Nest Thermostat's True Value: Social

Nest Labs has released the Nest Learning Thermostat 2.0 nearly a year after 1.0 was released. As Nest continues to innovate in the smart, green thermostat space, marketing and perceived value has always tended towards: how much money does this save me? However, after one year of data collection by Nest, the deeper value in Nest is its social and aggregate value.

Nest is able to collect data on energy use and energy savings (read their stats here and download the whitepaper) Nest translates that into a monetary figure for average money saved. What is really exciting about Nest is its sociological implications for connected, networked based energy production, consumption, and data collection. As Nest Labs continues to collect user data we will begin to learn how people use energy and how we can improve energy efficiency and overall reduction. 

Nest Labs markets the Nest as, how we can save you money, but the larger, sociological implications of networked and data producing energy devices is Nest's real social value. And that is more exciting, and in the long run, more important than personal savings.

Energy Democracy

I won't give away David Roberts' punchline, read the article, but I'll start you with this:

Just as a cleaner electricity system would be preferable, so too would a more small-d democratic system, one that distributes economic and social power more widely.

Honeywell Killed Off its Learning Thermostat 20 Years Ago

I missed this one:

Katie Fahrenbacher, writing for GigaOM back in February, reported that, according to Honeywell, the company "found that consumers prefer to control the thermostat, rather than being controlled by the thermostat” and decided to cease development. Twenty years later, however, Nest Labs entered the thermostat market with in 2011 with a learning thermostat, one that requires no programming or fiddling to save money and energy use.

This past year, the Nest has gotten huge press and great reviews. Subsequently, Honeywell has sued Nest over the Nest Learning Thermostat, claiming it violated a string of patents. Interestingly, technology writer and iOS developer, Marco Arment has dinged the Nest for having weak programming abilities, a downside according to Arment of a learning thermostat, though Arment generally likes the Nest in other areas.

For the past year Nest has been a great case to watch as it attempts to disrupt the thermostat industry and points to the potential to connect internet technology and energy use and reduction. 

A Choice

President Obama signed an Executive Order "Accelerating Investment in Industrial Energy Efficiency", which comes on the heals of new improved car fuel efficiency standars for 2025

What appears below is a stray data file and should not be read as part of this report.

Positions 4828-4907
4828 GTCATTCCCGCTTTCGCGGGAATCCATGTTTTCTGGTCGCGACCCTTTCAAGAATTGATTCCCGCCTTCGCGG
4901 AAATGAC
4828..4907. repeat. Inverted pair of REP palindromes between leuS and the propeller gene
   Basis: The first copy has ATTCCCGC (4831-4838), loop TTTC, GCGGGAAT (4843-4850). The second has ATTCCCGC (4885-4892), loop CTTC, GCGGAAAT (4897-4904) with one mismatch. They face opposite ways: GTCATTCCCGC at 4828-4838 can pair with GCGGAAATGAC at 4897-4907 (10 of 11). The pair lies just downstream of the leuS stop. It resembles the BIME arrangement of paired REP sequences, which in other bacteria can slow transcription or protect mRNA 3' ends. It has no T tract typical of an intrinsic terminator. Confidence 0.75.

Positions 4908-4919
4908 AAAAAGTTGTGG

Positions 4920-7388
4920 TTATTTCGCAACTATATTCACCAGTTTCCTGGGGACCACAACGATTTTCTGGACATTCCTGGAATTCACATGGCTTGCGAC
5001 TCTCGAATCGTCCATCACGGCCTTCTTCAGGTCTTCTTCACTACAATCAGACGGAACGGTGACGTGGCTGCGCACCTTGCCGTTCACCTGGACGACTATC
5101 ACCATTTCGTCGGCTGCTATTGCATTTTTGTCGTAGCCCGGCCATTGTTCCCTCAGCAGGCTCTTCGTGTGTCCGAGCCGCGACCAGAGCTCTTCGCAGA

Meanwhile, Republican Presidential nominee Mitt Romney turned climate change into a punch line during his acceptance speech as the RNC:

Obama has been pretty good about promoting new energy sources, green tech, and efficiency, not so good on climate change however. Romney, on the other hand, represents old, dirty energy production. Gas, coal, oil. No eye for the future, whether new energy sources or climate change.

Hottest month, ever, in the USA

I recently returned from a cold, rainy vacation to Souther Germany, now I'm roasting in the CA sun, which is actaully not on the charts for records. It's just hot here in Northern CA. Other parts of the country are roasting and in drought.

Check out the charts Grist has assembled.  

 

 

Union of Concerned Scientists: Reduce transport, home, food energy and CO2 output

In my research on energy use and CO2 emissions the evidence is quite clear that in the US and other late stage industrial nations an energy transition began about 30 years ago in which home energy and transportation consume more energy and release more CO2 than industry and manufacturing. So yes, we should be attempting to decrease home and transport energy use at the mid to high end of socio-economic brackets. Not necessarily an everybody for themselves, individualist approach, but through other means of aggregation (policy, home and transport industry practices, etc). 

Think tank warns of turbulent outlook for US renewable energy industry

The recent rapid expansion of the US renewable energy sector could be thrown into reverse unless policy makers take urgent steps to reform subsidy regimes which have delivered a cycle of "boom and bust" that could yet result in a "clean tech crash".

The real problem for nascent markets: being crushed by the incumbent market. In this case, the fossil fuel industry, and all the subsidies, direct and indirect, that the incumbents receive from the government.